Abstract 3139: Validation of Mayo Clinic Risk Adjustment Model for In-Hospital Mortality following Percutaneous Coronary Interventions using the American College of Cardiology-National Cardiovascular Data Registry (ACC-NCDR)
Objectives The new Mayo Clinic risk score (MCRS) has 7 clinical and non-invasive variables (age, cardiogenic shock, myocardial infarction within 24 hours, congestive heart failure, peripheral vascular disease, serum creatinine, and ejection fraction) for prediction of in-hospital mortality following PCI. We sought to validate and refine this model in the ACC-NCDR data set.
Methods and Results Of 309,351 patients in the ACC-NCDR who underwent PCI 1/104 –3/ 30 – 06, 3790 (1.23%) died during their index PCI. Predicted probabilities of death were assigned to each patient, and model discrimination and calibration were assessed. Ninety seven percent of patients had a MCRS of less than 10, indicating low- to intermediate-risk. The area under the receiver operator curve was 0.884 indicating excellent overall discrimination. The model discriminated well amongst all pre-specified subgroups, including gender, diabetes mellitus, renal failure, low ejection fraction, different age groups, and multi-vessel disease. Overall and within each integer risk score, the predicted mortality rate and observed mortality rate with 95% CI were calculated and compared. The model generally under predicted mortality; overall observed in-hospital mortality was 1.23% (n=3,790) while predicted mortality was 1.10%. Therefore, the model was recalibrated in the ACC population using logistic regression to obtain a new quadratic prediction equation.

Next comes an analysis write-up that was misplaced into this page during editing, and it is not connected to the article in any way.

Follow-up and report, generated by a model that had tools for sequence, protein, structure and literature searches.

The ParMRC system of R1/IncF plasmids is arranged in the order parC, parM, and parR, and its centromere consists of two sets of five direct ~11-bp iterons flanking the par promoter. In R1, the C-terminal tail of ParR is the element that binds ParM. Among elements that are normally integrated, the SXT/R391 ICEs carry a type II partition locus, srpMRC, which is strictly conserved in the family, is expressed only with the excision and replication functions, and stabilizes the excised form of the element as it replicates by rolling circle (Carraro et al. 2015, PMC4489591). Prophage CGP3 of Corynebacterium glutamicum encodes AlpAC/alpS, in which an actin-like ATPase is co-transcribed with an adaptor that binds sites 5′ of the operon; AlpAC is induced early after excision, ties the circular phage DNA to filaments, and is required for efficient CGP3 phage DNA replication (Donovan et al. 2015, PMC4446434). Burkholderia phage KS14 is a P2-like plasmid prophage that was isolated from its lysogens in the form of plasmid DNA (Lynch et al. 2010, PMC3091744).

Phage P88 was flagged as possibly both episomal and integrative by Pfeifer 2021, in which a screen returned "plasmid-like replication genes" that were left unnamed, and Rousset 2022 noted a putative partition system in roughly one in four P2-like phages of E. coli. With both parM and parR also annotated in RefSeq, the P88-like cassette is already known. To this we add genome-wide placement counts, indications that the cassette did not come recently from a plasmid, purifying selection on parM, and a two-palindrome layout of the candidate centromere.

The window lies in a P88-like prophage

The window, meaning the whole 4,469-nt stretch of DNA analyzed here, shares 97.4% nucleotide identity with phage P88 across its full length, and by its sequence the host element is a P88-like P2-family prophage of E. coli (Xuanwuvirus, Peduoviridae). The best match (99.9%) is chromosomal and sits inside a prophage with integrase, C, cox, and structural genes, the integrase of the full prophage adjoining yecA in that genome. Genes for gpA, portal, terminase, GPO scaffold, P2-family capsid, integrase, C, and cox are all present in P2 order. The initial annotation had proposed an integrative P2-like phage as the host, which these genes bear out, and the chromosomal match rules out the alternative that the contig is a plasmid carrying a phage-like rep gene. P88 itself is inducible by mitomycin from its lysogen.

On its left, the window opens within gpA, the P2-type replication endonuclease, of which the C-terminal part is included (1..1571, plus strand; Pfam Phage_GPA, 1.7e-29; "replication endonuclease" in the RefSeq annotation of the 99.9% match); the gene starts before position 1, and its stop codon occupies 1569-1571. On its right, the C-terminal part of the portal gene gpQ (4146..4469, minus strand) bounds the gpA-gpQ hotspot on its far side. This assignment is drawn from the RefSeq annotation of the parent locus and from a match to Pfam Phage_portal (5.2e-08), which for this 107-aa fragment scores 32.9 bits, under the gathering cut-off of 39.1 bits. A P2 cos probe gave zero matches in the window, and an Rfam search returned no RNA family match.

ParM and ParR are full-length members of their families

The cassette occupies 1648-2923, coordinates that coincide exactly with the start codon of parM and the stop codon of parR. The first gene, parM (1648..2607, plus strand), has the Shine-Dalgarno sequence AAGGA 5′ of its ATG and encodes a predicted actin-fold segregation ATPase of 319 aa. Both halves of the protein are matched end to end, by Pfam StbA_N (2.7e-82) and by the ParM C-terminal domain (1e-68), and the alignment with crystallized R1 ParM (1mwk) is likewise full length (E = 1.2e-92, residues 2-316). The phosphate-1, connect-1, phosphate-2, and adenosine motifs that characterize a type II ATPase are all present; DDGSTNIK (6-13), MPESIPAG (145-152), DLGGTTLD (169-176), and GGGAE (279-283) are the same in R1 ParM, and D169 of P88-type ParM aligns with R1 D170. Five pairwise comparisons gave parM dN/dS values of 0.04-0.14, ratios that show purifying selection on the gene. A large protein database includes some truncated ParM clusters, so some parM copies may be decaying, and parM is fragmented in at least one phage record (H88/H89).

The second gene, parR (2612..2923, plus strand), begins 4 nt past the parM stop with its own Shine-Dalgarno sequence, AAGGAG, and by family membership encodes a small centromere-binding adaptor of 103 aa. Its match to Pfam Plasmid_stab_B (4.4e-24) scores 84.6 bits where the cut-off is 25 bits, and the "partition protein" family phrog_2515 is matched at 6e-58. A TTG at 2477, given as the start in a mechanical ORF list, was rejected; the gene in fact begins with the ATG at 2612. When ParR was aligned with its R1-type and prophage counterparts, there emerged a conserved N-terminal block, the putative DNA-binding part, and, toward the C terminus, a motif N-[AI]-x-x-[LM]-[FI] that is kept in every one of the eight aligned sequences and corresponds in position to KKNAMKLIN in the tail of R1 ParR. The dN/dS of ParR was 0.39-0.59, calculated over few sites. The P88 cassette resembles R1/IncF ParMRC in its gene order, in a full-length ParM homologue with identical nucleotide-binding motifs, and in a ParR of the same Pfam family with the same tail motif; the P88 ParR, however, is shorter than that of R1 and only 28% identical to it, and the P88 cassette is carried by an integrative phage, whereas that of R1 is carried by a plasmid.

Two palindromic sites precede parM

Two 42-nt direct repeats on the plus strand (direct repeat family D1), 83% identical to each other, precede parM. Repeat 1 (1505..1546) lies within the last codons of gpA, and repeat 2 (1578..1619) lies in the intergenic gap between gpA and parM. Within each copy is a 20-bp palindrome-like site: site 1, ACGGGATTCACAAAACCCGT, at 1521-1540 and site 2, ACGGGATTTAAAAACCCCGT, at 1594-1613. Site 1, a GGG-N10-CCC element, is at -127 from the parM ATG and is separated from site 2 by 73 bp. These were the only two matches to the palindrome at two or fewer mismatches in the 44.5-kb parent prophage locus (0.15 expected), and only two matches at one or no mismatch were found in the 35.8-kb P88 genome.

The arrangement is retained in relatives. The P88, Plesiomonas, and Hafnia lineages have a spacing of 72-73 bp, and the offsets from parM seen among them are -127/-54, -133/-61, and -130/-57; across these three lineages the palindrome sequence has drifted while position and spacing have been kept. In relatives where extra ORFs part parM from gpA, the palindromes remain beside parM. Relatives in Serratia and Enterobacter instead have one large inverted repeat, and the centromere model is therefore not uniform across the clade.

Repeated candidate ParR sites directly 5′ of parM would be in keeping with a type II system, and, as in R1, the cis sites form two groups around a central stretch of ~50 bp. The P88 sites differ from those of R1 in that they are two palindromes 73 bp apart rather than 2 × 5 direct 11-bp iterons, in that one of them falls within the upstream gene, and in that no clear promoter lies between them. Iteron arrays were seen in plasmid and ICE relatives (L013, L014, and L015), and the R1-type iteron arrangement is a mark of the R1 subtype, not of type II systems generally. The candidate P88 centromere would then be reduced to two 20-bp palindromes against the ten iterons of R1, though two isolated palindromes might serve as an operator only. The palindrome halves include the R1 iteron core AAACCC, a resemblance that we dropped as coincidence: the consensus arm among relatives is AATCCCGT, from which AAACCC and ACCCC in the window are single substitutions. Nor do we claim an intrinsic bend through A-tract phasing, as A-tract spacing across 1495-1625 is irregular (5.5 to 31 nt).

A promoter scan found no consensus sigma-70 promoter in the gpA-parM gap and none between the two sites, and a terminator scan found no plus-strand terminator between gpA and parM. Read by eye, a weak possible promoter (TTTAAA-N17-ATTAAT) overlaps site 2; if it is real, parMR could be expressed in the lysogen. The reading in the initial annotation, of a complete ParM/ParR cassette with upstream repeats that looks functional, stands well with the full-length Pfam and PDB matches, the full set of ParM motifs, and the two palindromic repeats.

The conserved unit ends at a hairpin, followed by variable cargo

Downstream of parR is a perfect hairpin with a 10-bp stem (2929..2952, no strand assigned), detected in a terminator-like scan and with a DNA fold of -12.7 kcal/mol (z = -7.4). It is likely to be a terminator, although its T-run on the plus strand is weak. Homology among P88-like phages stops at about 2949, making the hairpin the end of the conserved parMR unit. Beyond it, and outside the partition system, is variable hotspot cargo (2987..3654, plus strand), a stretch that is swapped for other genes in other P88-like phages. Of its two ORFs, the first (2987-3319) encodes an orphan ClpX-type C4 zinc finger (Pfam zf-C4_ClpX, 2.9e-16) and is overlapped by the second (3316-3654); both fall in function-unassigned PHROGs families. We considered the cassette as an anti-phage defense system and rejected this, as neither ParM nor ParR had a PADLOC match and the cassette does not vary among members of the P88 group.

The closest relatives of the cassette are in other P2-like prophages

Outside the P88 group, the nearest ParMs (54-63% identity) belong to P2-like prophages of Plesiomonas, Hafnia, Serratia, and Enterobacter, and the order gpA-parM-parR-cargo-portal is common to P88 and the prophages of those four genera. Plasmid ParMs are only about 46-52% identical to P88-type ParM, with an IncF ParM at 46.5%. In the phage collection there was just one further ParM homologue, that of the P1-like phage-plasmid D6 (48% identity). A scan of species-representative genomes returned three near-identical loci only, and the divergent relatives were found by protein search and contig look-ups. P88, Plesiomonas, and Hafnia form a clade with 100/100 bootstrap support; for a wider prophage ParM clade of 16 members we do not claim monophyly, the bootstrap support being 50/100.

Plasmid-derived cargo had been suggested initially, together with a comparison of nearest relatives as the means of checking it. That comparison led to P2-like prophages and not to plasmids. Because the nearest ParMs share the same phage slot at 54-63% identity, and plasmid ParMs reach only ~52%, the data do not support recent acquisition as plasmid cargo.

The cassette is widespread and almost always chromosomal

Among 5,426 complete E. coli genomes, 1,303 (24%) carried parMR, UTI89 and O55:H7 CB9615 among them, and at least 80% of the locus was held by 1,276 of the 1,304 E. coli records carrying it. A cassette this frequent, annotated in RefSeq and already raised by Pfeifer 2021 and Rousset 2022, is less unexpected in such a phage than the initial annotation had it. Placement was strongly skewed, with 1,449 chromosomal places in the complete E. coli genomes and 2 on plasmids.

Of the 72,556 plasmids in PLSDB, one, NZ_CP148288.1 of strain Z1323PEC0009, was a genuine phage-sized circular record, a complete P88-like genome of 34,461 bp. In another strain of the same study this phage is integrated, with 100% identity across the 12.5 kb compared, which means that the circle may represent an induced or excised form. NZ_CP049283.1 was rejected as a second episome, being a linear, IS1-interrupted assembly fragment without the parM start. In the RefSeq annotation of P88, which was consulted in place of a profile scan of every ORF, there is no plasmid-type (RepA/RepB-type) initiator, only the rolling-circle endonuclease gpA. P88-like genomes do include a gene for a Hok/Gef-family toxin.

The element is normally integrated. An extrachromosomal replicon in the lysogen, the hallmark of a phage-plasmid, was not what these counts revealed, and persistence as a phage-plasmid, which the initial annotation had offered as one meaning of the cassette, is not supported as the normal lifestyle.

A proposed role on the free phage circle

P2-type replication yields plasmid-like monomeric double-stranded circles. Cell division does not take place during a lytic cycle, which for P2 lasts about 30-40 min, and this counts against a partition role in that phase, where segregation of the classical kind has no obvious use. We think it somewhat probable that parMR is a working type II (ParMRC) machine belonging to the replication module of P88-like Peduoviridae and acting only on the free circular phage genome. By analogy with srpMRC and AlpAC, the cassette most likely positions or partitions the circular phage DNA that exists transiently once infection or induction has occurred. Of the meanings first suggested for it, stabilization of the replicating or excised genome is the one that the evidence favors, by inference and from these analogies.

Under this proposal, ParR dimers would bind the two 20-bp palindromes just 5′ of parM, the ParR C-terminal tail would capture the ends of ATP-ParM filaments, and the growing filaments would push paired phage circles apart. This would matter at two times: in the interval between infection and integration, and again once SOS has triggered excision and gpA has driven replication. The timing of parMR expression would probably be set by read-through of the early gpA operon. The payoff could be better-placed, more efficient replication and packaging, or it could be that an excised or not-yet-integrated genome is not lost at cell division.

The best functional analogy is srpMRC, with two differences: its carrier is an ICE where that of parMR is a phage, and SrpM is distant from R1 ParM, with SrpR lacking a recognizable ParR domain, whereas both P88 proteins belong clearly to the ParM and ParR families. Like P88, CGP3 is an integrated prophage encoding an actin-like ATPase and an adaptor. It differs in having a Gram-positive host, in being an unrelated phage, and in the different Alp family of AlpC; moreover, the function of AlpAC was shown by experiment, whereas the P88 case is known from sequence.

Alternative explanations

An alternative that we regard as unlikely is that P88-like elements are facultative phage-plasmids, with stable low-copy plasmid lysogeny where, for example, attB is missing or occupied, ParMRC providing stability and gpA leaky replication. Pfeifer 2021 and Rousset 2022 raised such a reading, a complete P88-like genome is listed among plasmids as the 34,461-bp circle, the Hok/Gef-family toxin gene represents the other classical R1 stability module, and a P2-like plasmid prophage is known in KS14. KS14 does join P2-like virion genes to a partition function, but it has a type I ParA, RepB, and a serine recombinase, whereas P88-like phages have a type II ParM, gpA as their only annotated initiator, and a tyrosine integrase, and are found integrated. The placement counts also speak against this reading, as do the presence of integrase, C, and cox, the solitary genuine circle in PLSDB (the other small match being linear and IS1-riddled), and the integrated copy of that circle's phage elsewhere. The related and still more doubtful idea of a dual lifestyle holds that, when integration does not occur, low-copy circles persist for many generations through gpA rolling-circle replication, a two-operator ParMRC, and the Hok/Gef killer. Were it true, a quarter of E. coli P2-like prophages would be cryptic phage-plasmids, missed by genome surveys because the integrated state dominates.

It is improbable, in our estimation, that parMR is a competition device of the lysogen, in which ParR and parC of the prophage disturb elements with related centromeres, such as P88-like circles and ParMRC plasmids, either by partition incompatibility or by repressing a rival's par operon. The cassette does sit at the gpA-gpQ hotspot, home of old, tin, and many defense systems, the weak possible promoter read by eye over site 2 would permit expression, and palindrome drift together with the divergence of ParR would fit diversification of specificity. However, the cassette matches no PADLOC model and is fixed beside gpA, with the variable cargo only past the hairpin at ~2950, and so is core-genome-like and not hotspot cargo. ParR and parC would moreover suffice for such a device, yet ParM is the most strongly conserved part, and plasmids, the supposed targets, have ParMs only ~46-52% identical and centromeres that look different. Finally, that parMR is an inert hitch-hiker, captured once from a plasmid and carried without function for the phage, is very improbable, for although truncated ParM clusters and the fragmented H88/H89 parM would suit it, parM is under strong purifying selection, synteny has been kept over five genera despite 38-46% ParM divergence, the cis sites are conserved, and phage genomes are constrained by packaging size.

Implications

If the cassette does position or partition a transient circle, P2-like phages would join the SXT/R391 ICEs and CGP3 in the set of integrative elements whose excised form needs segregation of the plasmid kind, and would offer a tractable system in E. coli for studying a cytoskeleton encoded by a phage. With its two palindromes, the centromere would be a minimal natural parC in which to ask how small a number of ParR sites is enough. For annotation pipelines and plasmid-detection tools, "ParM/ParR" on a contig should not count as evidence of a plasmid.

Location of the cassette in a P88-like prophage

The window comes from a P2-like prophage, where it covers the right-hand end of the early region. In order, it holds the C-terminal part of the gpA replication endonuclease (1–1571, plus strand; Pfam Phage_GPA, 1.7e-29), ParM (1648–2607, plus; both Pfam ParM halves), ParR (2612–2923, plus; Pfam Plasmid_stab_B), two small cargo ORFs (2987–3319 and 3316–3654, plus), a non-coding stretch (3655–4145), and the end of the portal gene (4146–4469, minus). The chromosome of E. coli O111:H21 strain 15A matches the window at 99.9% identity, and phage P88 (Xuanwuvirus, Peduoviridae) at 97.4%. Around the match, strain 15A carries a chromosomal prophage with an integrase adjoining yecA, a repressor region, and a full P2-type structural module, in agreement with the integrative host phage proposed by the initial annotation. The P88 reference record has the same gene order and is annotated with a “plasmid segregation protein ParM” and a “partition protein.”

Conclusions Although the MCRS for in-hospital mortality following PCI discriminates well in the ACC-NCDR population, the recalibrated version may be useful for providing patients with individualized estimates of procedural risk as part of the informed consent process before PCI.